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Robert Greeve, Anaco & Greeve International

"Organic and conventional prices differ much less than ten years ago"

Container ships are queuing off the coast of Panama, the northwest of South America is experiencing volatile weather, plant diseases are a constant threat to growers, and global inflation affects every link in the chain, right down to consumers. Yet, bananas continue coming to Europe and do well in the supermarket. All these things will not keep, perhaps the world's most popular fruit, down.

The Dutch company Anaco & Greeve International (AGI) gets its bananas from Costa Rica, Colombia, Ecuador, Guatemala, and the Dominican Republic, from the latter only organic bananas. "Ecuador has been gaining a greater foothold in Europe recently. It's strong in the Mediterranean, and just recently, I read that the Netherlands is the fourth-largest Ecuadorian banana importer. I know of at least three retailers in Germany and some in Poland that have switched to that country of origin. But that isn't necessarily the case with us," begins Robert Greeve. That also immediately explains why Anaco Greeve is not affected by the dry Panama Canal. The company's other countries of origin can all operate from ports in the Caribbean Sea.

"Guatemala is picking up nicely this year, especially in Northern Europe, partly because the shipping companies have optimized their services with higher load capacities and shorter transit times. That's still 21 days, but before, the country had no direct service. The fruit had to go to other ports and then be shipped to Europe. That easily adds an extra week and is less reliable. On the plus side, container rates are slightly lower than last year. Were it not for the dry Panama Canal, they might have been slightly cheaper, although, of course, that's speculation."

"The climate will be an issue in the future"
El Niño affects numerous fruit crops, especially avocados, blueberries, and grapes, in various countries, primarily Peru. Its impact on banana crops, though less significant, should not be minimized. Last October, the Ecuadorian banana organization Aebe estimated that 50,000 hectares of plantations in the country were lost due to that weather phenomenon. "I've heard Colombia, too, will have some problems, mainly due to drought and heat. The climate will undoubtedly be an issue in the future, not only for bananas but all fruits and vegetables worldwide," says Robert.

AGI is growing considerably in the organic segment. "The quality is improving, although it depends a bit on the country. Every year, we import more volumes, and almost all of them are in programs. It's no riskier to transport organic products than conventional, but the extra price in stores, though much smaller than ten years ago, is still justified. That differs by no more than €1.50/kg."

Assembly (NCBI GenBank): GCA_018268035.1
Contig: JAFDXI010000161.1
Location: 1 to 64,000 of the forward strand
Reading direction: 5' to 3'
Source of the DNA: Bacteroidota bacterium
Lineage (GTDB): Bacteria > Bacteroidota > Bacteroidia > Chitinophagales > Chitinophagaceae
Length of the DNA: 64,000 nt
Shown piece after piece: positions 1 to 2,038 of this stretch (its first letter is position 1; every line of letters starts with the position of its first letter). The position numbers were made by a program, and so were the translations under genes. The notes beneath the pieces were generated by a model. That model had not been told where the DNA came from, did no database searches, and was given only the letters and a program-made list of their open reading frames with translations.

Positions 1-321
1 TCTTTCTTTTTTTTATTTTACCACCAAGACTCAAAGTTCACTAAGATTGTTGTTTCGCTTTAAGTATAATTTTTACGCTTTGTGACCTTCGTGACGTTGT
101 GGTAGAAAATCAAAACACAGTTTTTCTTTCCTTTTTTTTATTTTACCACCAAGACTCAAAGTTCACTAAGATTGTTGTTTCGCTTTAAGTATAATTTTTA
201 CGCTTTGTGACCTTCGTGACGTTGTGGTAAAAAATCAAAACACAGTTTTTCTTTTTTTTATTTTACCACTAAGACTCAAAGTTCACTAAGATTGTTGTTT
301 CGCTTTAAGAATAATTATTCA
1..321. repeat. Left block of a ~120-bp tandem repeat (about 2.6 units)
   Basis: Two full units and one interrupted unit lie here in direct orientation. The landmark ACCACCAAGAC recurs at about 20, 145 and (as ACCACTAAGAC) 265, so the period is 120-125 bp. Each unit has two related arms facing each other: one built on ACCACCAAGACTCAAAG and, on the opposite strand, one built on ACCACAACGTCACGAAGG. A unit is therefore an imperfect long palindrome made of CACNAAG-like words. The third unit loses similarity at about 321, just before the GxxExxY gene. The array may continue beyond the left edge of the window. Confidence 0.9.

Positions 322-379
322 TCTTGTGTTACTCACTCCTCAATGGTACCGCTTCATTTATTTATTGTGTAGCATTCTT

Small organic bananas for kids
According to Robert, there are many small-scale organic growers In the Dominican Republic, while Ecuador can often present slightly better quality due to its scale. "Peru also has organic, but we don't get our bananas from there; there are problems every year. The organic bananas from Colombia, Ecuador, and Peru are about the same size as their conventional counterparts, while those from the Dominican Republic are generally somewhat smaller. But that's catching on because people often buy organic bananas for their kids. Being slightly smaller helps then," he says.

The importer no longer sources bananas from the Canary Islands. "We used to, but not anymore. There's just no demand for them. We tried selling them as 'Spanish bananas,' but it's difficult. Say we market South American bananas for €1 a kilo, then we have to charge at least €1.50 for Canary Island bananas because of the higher purchase price. Plus, they're smaller and don't look as nice. They are, admittedly, tastier, but there's no demand for them in Northern Europe. In Spain itself, though, they sell like hot cakes."

"The time of a euro per kilo is over"
Greeve does not believe store prices will drop below €1.50/kilo bag. "The time of bananas for €1 is definitely over," he reckons. "Prices will fluctuate between €1.50 and €2, also for B bananas. There's not as much difference between A and B bananas as before. Per box, the B grades are €1 to €1.50 cheaper. There's plenty of room for B brands because, nowadays, many German retailers have private labels. We no longer do anything else, either." Younger consumers are a little less fussy in their choice of fruit. They accept B-brands more easily, with convenience being paramount.

The economy is scaling up on all levels. Anaco & Greeve International has a ripening capacity of about 35,000 boxes per week and is one of the few remaining ripeners in the Netherlands. "We choose to ripen a little longer than four days, which benefits quality. The method itself hasn't changed much over the years; it's just the ripening cells that have become more economical," Robert concludes. As mentioned, the banana sector is advancing steadily and unperturbed in these turbulent times of change.

Robert Greeve
Anaco & Greeve
ABC Westland 666
2685 DH Poeldijk
Tel: 0174-210200